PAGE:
PHARR — A binational group of customs brokers, maquiladora leaders, customs officers and the city of Pharr have formed an “Anti Wait Times Task Force” aimed at thinning out the thick traffic at the Pharr-Reynosa International Bridge.
Since President Donald Trump in late March threatened to close the border, followed by the reassignment of hundreds of customs officers from ports of entry along the border to assist Border Patrol with immigration overflows, trucks crossing the bridge from Mexico into the United States have waited for hours, at some points well over 10, according to truck drivers and maquiladora managers.
The bridge has had to adjust on the fly, with Pharr Bridge Director Luis Bazan announcing multiple pilot programs in recent weeks in hopes of alleviating some of the backups. Those programs have included allowing only commercial trucks to cross the bridge northbound, followed by an adjustment to that program that allowed passenger vehicles to cross northbound during certain hours.
The bridge in Pharr sees more than 50,000 commercial trucks cross from Mexico into the U.S. each month, much of which is produce, the most popular produce crossing in the country. Of all the commercial trucks that cross northbound every day, Edgar Zamorano, a Reynosa delegate for Mexico’s national chamber of commerce for cargo trade, said 40% of those trucks are empty.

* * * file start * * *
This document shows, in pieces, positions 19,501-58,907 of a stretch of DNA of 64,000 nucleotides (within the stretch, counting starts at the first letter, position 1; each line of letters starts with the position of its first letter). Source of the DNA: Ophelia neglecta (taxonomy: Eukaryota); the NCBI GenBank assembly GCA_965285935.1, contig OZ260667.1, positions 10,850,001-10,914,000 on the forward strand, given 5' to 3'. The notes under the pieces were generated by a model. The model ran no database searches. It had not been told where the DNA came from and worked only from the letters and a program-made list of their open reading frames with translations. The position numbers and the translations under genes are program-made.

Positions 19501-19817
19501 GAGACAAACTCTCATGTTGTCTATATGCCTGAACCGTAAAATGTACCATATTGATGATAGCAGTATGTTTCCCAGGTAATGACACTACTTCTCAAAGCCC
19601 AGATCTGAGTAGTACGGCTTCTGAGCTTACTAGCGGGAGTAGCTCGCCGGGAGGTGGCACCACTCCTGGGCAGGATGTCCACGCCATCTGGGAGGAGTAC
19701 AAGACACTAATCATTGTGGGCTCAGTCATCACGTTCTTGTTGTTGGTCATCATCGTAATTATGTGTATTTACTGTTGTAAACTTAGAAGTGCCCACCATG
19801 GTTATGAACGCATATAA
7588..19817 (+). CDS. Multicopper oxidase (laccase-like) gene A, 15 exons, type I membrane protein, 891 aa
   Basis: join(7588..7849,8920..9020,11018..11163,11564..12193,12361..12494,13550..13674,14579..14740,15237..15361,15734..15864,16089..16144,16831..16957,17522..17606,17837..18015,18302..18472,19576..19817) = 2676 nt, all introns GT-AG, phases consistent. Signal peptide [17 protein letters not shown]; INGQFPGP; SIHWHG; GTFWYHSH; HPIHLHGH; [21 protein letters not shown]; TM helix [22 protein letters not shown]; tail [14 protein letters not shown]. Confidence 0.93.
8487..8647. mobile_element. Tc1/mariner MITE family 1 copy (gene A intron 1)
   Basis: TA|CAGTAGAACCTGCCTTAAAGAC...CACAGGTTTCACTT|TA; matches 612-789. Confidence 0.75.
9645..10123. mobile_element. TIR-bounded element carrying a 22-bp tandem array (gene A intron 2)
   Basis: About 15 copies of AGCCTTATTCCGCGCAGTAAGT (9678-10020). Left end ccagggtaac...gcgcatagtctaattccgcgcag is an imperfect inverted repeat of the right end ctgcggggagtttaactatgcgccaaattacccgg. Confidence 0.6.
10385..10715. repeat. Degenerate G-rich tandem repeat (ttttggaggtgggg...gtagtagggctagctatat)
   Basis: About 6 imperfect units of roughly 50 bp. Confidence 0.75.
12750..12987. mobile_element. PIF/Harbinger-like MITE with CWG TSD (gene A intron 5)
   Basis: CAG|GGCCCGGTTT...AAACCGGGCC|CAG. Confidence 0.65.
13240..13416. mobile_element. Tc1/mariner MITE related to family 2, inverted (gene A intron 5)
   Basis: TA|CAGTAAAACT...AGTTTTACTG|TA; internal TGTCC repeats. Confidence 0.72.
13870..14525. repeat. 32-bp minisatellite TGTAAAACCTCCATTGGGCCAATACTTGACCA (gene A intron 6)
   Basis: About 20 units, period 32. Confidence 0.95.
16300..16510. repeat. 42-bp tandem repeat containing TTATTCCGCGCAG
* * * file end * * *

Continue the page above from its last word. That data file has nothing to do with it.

Part of a new pilot program, endorsed by Zamorano and the rest of the task force, makes for one lane on the bridge specifically dedicated to empty trucks, since their U.S. Customs and Border Protection inspection process is slightly simpler than the inspections for trucks full of cargo.
The bridge brings the city of Pharr roughly $13 million annually from southbound toll fees, and none of the southbound crossings have been affected by the recent extended delays. But trade flows both directions, and bridge officials have noted that traffic needs to move comfortably going north and south.
“We’ve been trying different programs, see what works, hoping to speed up the wait times,” Bazan said. “We’re going to keep trying.”